Economy weak but not enough for recession: report
SAN FRANCISCO |
SAN FRANCISCO (Reuters) - The U.S. economy will shrink in the second quarter, but avoid a recession this year as housing's drag will ease in the second half, helping normal growth return next year, according to a UCLA Anderson Forecast report released on Tuesday.
"The data don't yet add up to a recession and there is nothing here to challenge the basic story of sluggishness that we have had for two years," the forecasting unit's report said, adding: "Our no-recession forecast remains nervously intact."
Amid a cooling economy, the labor market is only slowing so it lacks enough drag to force a recession, according to the forecasting unit.
"The weakening job market is completely consistent with our longstanding forecast of a housing adjustment that is mostly confined to housing," the report said.
The UCLA unit added that its forecast also hinges on whether falling home prices depress consumer spending, and that it does not expect consumers to overreact.
"It has been our view that the reaction to the reality of lower home prices will be slow and smooth, which is a reason to forecast slower growth in the future, not a recession," the report said.
"In the last year or two, personal consumption expenditure has been weakening a bit, but it seems pretty clear that the news on the housing front hasn't forced a rapid consumer adjustment so far," the report said.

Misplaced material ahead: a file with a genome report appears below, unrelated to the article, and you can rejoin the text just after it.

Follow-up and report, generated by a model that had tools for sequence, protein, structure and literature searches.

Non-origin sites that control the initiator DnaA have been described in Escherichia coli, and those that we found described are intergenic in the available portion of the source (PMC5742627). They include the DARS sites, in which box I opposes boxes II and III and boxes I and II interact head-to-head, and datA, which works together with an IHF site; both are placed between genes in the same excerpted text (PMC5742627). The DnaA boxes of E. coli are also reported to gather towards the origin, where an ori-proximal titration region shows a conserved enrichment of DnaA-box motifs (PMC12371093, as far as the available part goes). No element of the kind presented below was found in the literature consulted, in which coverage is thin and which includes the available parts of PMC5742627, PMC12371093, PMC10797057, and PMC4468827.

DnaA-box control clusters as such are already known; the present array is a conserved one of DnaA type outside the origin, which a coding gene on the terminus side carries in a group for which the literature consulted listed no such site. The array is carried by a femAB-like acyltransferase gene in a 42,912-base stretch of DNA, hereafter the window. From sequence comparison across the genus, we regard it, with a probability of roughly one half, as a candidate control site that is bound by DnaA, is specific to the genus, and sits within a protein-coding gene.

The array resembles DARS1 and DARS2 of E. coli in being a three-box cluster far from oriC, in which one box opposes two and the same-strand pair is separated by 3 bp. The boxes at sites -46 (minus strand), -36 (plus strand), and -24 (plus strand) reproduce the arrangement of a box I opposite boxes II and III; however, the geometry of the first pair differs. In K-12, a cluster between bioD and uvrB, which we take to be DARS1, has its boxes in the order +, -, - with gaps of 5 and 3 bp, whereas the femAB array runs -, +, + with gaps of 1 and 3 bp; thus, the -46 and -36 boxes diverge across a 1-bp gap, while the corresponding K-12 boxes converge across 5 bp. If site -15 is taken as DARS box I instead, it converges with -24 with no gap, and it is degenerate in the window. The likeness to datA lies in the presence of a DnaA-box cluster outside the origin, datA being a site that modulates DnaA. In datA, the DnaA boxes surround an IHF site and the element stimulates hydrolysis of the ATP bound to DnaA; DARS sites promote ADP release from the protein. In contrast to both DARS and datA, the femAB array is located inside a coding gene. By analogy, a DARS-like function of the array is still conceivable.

The forecasting unit noted the economy has withstood the housing slump -- especially eight consecutive quarters of declines in housing starts -- because the homes market and jobs market have become disconnected.
"Delinquencies and foreclosures went hand-in-hand with job losses" in the past, the unit's report said. "This time has been entirely different. People are walking away from their homes because home prices have declined, even though their jobs and incomes are secure."
Many who bought homes in recent years see defaulting on a mortgage as cutting losses on an investment, said Edward Leamer, director of the forecasting unit.
"The new ethic is that buying a home is a trial, and you see if it works for you financially ... It's an investor's ethic," Leamer said. "The old ethic was you would continue to service your debt barring a catastrophe like losing your job."
The UCLA Anderson Forecast unit expects anemic real gross domestic product growth of 0.4 percent this quarter, followed by a 0.4 percent contraction next quarter.
The economy will rebound in the third quarter with 3.0 percent growth, followed by 2.5 percent growth in the fourth quarter and full-year growth of 1.5 percent, the unit said.
It projects the unemployment rate will rise to 5.5 percent in the fourth quarter from 5.0 percent this quarter, and average 5.3 percent this year and 5.6 percent next year amid sluggish payroll expansion as the housing downturn bottoms.
"There's little hiring and little firing," Leamer said. "We're going to have the completion of a housing catastrophe without having the job losses that usually go hand in hand with that."
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